Monday, January 16, 2017

Last Man Out

"Son of a bitch!" Apollo 10 Astronaut Gene Cernan, in orbit around the Moon, May, 1969.

Noting the passing of Gene Cernan, Astronaut.

LM Pilot Cernan's words were broadcast over an open mike 240, 000 miles, from the Moon to Houston to our living room. He and his crew mate Tom Stafford were executing a maneuver in the Lunar Module, the spidery craft designed to land on the Moon, that would reunite them with John Young, piloting the Command Module in orbit forty-ish miles above. Suddenly, the machine pitched out of control.

Eugene Andrew Cernan was a typical early-era NASA astronaut. Engineer, military test pilot, cool customer. He had a master's degree and 200 "traps" aboard Navy carriers. He had three space flights - one in the small two-person Gemini, and two aboard the more sophisticated Apollo moon craft. 

His first trip to the moon - Apollo 10 - was a dress rehearsal for the landing made two months later. The space agency already had ten years of experience with the super competitive, profoundly confident fliers they employed. Apollo 10's LM, called Snoopy, had intentionally been shorted fuel. If Stafford and Cernan had "accidentally" landed, there was not sufficient fuel to depart.

So they played by the rules, flipped a few switches and... Chaos. In low (50,000 feet) orbit around the Moon, out of control. What would you say in similar circumstances? 

They were all test pilots, familiar with how experimental technology can suddenly turn a good day, bad. They got things back together, took a few deep breaths, and finished the maneuver. And took some not too gentle criticism for the salty language.

Captain Cernan went on to walk on the Moon as commander of Apollo 17, the last mission. He holds the official "Land Speed" record in a rover (about 12 mph) and along with Dr. Harrison Schmitt (Harvard-educated geologist) brought back about 250 pounds of rocks.

His parting words echoed those of the first landing. 

"And, as we leave the Moon at Taurus–Littrow, we leave as we came and, God willing, as we shall return, with peace and hope for all mankind. Godspeed the crew of Apollo 17."

With profound thanks and immeasurable respect, Godspeed Captain Cernan.

Saturday, January 7, 2017

Little Notes, Big Idea

Any man who keeps working is not a failure. He may not be a great writer, but if he applies the old-fashioned virtues of hard, constant labor, he’ll eventually make some kind of career for himself as writer.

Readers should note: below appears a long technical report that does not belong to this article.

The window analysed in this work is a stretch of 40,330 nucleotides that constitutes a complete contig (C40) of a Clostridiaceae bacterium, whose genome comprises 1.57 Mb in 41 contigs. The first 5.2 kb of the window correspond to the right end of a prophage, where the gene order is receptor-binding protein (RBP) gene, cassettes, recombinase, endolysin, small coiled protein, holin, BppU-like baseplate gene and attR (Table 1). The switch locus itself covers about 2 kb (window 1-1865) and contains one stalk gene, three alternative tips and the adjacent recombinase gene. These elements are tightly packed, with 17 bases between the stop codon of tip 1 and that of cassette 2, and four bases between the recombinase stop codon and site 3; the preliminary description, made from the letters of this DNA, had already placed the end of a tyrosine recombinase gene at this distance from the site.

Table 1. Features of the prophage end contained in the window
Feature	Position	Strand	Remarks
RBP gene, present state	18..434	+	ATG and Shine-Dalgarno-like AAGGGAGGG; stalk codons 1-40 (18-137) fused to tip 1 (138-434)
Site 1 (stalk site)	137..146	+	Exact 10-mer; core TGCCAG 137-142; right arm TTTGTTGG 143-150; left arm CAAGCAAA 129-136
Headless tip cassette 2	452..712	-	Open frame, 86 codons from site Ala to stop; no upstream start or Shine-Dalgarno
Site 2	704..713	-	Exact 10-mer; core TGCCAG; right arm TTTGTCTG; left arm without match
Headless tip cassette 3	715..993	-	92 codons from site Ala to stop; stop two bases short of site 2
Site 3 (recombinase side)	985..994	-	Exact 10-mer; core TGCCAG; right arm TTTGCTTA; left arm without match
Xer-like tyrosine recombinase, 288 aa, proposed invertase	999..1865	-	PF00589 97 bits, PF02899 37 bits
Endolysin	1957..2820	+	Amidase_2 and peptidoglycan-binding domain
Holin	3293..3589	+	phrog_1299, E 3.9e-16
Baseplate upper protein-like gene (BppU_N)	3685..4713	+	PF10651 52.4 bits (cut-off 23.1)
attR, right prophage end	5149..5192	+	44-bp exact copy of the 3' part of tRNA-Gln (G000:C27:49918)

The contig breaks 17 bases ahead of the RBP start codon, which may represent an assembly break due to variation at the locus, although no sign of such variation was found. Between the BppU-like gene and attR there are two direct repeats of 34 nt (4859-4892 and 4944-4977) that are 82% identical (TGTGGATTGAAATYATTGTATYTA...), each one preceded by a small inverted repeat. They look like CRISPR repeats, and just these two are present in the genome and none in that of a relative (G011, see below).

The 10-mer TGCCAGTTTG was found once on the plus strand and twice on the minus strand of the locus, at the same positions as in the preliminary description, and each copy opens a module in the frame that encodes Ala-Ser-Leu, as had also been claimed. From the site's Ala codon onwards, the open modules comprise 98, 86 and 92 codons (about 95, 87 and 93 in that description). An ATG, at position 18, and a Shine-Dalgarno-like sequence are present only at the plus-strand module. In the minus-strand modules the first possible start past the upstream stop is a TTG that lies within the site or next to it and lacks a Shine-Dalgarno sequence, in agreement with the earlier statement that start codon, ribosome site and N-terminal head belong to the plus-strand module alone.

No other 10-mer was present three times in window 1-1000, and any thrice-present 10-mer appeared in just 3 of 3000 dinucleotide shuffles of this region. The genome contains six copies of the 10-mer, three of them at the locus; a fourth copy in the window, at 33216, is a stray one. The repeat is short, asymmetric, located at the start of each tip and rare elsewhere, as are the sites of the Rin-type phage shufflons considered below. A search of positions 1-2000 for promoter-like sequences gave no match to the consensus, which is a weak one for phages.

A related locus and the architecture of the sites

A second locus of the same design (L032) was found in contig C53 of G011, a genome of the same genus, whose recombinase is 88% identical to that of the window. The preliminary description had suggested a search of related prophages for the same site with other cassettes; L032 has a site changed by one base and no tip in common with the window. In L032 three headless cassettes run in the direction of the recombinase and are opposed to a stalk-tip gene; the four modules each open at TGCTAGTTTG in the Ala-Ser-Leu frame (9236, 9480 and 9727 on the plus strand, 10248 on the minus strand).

– Ray Bradbury

Out of Ideas wasn't my first published work. It wasn't even the first novel I finished. It, in many ways, was an accident.

My friend John and I had traveled to Wisconsin, pulling a pop-up behind his SUV. We'd been friends for almost twenty-five years. He was a pilot, in addition to being a police academy classmate - he had, more or less, taught me to fly, if one broadens the definition of that skill to someone who could keep the plane flying straight and mostly level. We were in Oshkosh to witness AirVenture 2005, the Experimental Aircraft Association's annual fly in.

One need not be a total airplane geek to appreciate field upon field of flying tin that descends on tiny Wittman Regional Airport. Row after row of new planes, old iron, warbirds and military might are crammed into every nook and cranny. We spent over a week there, and never really saw the same thing twice. Vendors, static displays and everywhere the jocks, the pilots.

One night the weather descended, the skies opened up and drenched the festivities, the airfield, the stage tent (where Harrison Ford was speaking) and us. The following day low clouds led to some changes in the program; the Mustangs flying by were at a lower altitude. 

The Mustang is an amazing aircraft, flown at the show mostly by amateur pilots with enough money to pursue an explosively expensive hobby. They roared past in formation, or one after another. John's portable aviation radio picking up exhortations between the fliers as shows, or ad hoc fly-bys, took place overhead. On one occasion, several of the jocks seemed a bit miffed with a cohort whose flying was less than precise. They finally prevailed on him to land.

The next day, reading the local paper (which was hardly the New York Times) I discovered that, during one of the afternoon events an airplane had crashed off the airport property. The pilot, a dentist by profession, was killed. We had seen the aftermath of one accident the first day we'd arrived, so the tragic news was also not a surprise. With all of the activity there was no way things didn't break.